I think it’s safe to say, this day after Groundhog Day, that summer will be coming soon. In my part of the world, it was cloudy all day yesterday. No groundhog would see its shadow; winter will soon end.
More confirmation, this morning’s New York Times screams out, “Science Panel Says Global Warming is ‘Unequivocal’ — Cites Human Role — 3-year study foresees centuries of rising temperatures.” Above the fold on its first page, the Washington Post headline reads, “Humans Faulted for Global Warming.” The words and graphs are ominous. The Post’s Juliet Eilperin writes:
Declaring that “warming of the climate system is unequivocal,” the authors said in their “Summary for Policymakers” that even in the best-case scenario, temperatures are on track to cross a threshold to an unsustainable level. A rise of more than 3.6 degrees Fahrenheit above pre-industrial levels would cause global effects — such as massive species extinctions and melting of ice sheets — that could be irreversible within a human lifetime. Under the most conservative IPCC scenario, the increase will be 4.5 degrees by 2100.
Much damage has already been done and the amount of greenhouse gases already in the environment will continue to wreak further havoc even if industrial countries stopped emitting gases tomorrow. Bush and company can’t deny the facts any more, but they are still dissembling and stalling, pretending that new technologies can fix the problem rather than taking responsibility and capping emissions now.
It’s easy to feel like the problem is too big to handle. But this isn’t daunting Howard Ruby, the chief executive of Oakwood Worldwide, who, according to another Washington Post article today, is encouraging conservation measures in all 40 of the rental complexes he owns in the U.S. and Canada. The Post’s Mike Salmon writes,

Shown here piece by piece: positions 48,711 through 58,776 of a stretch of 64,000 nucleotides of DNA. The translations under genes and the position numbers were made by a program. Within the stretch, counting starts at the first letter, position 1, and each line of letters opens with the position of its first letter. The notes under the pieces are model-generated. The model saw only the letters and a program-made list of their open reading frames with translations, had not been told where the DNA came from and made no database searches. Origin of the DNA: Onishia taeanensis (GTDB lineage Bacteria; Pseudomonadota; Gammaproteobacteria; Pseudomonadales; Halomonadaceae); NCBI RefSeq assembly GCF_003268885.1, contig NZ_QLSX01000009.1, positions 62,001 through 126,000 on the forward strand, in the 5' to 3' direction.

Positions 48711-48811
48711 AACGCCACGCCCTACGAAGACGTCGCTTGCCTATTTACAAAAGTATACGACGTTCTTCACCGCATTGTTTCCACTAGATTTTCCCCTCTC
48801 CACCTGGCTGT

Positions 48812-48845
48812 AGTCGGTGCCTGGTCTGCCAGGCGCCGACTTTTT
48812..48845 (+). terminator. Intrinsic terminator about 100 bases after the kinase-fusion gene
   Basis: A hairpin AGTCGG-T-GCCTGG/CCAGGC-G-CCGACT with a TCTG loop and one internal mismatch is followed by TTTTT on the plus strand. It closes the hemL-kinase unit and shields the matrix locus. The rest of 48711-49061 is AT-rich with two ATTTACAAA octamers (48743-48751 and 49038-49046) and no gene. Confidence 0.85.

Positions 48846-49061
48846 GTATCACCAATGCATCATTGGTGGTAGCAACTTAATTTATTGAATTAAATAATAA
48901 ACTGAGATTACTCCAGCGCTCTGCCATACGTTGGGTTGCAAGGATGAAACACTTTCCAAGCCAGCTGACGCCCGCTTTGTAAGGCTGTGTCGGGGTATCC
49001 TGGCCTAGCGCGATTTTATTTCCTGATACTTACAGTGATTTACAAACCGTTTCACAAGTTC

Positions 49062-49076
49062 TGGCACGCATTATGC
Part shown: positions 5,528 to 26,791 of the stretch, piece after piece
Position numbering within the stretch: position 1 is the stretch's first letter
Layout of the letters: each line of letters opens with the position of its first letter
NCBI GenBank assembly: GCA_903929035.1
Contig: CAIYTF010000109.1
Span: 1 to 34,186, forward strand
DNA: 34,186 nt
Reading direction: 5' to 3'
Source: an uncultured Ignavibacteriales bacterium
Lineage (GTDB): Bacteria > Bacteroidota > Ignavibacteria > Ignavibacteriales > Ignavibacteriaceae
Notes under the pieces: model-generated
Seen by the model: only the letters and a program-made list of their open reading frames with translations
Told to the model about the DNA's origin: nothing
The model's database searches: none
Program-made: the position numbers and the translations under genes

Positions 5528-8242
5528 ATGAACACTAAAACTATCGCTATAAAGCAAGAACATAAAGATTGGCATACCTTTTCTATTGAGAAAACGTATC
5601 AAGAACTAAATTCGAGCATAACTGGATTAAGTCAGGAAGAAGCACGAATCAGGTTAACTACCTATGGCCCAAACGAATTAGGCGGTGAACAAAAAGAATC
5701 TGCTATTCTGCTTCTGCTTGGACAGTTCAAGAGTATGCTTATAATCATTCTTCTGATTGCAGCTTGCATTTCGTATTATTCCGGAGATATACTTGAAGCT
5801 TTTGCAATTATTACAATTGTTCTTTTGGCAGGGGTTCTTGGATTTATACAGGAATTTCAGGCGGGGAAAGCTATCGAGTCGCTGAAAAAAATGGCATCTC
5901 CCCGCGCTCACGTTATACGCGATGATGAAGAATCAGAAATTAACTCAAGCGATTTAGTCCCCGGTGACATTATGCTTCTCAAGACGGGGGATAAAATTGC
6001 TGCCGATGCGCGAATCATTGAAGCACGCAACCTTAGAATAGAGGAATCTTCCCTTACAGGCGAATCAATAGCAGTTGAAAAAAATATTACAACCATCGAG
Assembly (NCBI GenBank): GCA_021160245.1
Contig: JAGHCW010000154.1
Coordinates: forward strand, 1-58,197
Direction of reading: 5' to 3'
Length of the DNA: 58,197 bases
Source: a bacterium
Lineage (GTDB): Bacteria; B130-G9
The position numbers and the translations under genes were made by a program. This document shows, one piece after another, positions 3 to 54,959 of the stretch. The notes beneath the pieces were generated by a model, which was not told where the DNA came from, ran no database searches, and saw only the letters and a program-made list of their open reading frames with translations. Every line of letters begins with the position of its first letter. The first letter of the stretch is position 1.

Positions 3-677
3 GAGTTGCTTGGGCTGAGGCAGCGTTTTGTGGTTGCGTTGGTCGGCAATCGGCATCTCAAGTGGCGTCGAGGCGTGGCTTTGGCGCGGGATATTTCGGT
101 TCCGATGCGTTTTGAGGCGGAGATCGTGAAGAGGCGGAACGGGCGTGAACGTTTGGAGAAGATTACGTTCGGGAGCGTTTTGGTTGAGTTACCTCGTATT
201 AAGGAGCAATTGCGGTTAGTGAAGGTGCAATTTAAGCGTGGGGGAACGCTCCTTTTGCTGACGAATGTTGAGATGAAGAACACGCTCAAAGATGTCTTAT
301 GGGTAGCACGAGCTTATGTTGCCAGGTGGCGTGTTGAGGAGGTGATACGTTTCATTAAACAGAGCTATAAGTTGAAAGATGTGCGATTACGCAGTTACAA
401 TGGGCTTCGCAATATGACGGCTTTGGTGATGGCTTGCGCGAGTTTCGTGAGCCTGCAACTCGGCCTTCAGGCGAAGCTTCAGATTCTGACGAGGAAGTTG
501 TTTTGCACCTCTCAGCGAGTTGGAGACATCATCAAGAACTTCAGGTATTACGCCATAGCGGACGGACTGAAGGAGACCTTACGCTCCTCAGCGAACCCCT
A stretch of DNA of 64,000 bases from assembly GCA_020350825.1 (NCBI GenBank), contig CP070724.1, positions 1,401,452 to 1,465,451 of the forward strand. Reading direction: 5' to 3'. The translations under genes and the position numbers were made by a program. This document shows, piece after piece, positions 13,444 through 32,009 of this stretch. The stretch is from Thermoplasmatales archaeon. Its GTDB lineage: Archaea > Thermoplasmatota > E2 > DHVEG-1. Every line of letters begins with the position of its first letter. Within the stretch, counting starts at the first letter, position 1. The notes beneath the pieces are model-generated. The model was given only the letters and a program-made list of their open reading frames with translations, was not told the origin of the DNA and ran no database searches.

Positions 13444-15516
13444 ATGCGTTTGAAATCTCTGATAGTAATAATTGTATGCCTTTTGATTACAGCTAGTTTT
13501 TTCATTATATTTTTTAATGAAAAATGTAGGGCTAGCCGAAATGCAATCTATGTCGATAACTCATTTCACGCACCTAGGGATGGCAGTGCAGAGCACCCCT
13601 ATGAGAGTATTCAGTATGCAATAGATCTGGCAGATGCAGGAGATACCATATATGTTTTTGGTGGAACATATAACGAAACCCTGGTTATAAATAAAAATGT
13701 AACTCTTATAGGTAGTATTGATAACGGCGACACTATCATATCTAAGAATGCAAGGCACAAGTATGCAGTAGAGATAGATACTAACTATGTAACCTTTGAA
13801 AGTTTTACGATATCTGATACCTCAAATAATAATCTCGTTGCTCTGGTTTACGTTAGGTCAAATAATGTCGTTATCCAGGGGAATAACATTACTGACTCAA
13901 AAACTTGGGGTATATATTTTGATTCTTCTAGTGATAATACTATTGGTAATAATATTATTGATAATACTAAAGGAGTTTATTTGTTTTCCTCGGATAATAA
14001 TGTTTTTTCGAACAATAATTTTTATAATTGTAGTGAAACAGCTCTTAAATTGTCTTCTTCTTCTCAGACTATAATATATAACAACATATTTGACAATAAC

Oakwood’s chief executive, Howard Ruby, became an environmental evangelist after a cruise last year off the Norwegian coast where he saw the effects of warming temperatures on polar bears. His ship should have been dodging ice floes, but he saw open water everywhere. Just 500 miles from the North Pole, “there were no ice floes,” he said. With no ice, the polar bears have nothing to support their offshore fishing expeditions and are now in danger. “They’re dying fast,” he said.
Moved by the plight of the polar bears, Ruby started putting money into environmentally friendly plumbing and building materials and encouraging renters to do common-sense things to cut down on emissions. According to the Post, Ruby gives out a calendar that suggests things like limiting showers to five minutes, unplugging items when not being used, and other simple things, that if even 10 percent of his renters carry out, will reduce greenhouse gases by 1 million pounds.
Reportedly, many of his tenants are happy to cooperate. But some don’t see the point, including one woman that the Post says “didn’t buy the global warming concept,” and another at Oakwood Rosslyn who “said she thought the planet was destined to incinerate for religious reasons.”
So, dear readers, think on this. Reply with your thoughts: What’s the connection between the United States’ unwillingness to cap emissions and its frighteningly large percentage of religious fundamentalists who think we are all going to incinerate anyway?
God, if there be a god, save us from ourselves.